PETALING JAYA (THE STAR/ASIA NEWS WORK) - The haze is expected to stay until mid-September in Malaysia, with the west coast suffering the most from Indonesia's open burning.
Meteorological Department spokesman Hisham Mohd Anip said the situation would likely continue until the south-west monsoon season ends.
Coastal states from Kedah down to Johor could be the hardest hit, he said.
He said Sarawak might see its haze situation improve over the next few days as the winds were set to change direction.
At the moment, winds from Indonesia are carrying the smoke from Kalimantan and Sumatra to Malaysia and Singapore.
Open burning at plantations and forest areas is common in Indonesia as it is the fastest and easiest method of clearing land.
Dr Hisham said there could be more rain here next month when the winds change during the inter-monsoon period, which would help clear the haze.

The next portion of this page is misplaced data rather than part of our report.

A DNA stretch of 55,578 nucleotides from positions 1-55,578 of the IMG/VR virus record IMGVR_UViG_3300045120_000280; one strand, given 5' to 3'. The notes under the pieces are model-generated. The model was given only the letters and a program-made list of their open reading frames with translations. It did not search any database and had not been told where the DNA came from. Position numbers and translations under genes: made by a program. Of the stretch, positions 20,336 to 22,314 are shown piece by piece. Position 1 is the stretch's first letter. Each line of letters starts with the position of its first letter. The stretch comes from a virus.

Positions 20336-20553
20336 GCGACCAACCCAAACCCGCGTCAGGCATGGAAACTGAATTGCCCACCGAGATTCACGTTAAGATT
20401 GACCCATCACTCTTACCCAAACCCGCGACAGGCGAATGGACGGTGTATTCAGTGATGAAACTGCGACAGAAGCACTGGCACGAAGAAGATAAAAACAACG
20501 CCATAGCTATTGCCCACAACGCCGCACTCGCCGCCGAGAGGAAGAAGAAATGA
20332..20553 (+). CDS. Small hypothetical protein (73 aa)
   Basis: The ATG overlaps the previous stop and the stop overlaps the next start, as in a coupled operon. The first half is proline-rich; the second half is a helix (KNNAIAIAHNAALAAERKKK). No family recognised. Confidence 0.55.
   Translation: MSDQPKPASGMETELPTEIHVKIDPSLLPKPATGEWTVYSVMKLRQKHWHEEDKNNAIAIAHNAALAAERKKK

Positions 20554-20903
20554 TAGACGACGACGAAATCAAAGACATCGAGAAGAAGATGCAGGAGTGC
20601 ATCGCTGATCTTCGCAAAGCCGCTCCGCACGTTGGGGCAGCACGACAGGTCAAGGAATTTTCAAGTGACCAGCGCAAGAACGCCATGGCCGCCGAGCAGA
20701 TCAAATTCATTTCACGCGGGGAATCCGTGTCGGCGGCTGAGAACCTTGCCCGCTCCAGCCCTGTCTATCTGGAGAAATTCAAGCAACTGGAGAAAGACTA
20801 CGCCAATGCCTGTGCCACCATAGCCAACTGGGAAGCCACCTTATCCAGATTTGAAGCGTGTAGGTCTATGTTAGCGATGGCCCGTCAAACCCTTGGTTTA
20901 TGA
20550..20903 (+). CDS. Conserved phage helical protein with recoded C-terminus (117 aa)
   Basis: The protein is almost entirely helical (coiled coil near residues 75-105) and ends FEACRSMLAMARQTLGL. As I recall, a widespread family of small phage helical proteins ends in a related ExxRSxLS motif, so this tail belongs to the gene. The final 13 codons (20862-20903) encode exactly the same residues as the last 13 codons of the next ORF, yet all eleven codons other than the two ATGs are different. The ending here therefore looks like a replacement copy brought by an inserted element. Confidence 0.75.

But he warned that the weather in Indonesia could also get drier, resulting in increased hot spots and more smoke being blown here unless the fires are put out before then.
The global El Nino weather phenomenon is also expected to increase the chances of hot and dry weather in Indonesia, he added.
According to the Air Pollutant Index (API), Seri Manjung in Perak had the unhealthiest air in the country on Wednesday (Aug 26). The API level there spiked to 103 at 11am before declining to 100 at 3pm. The index went down to the 70s-range on Thursday (Aug 27) morning.
In George Town, Penang, the air quality climbed towards unhealthy levels on Wednesday but improved on Thursday morning.
An API reading of between 0 and 50 is good, 51 to 100 is moderate, 101 to 200 is unhealthy, 201 to 300 is very unhealthy, while 301 and above is hazardous.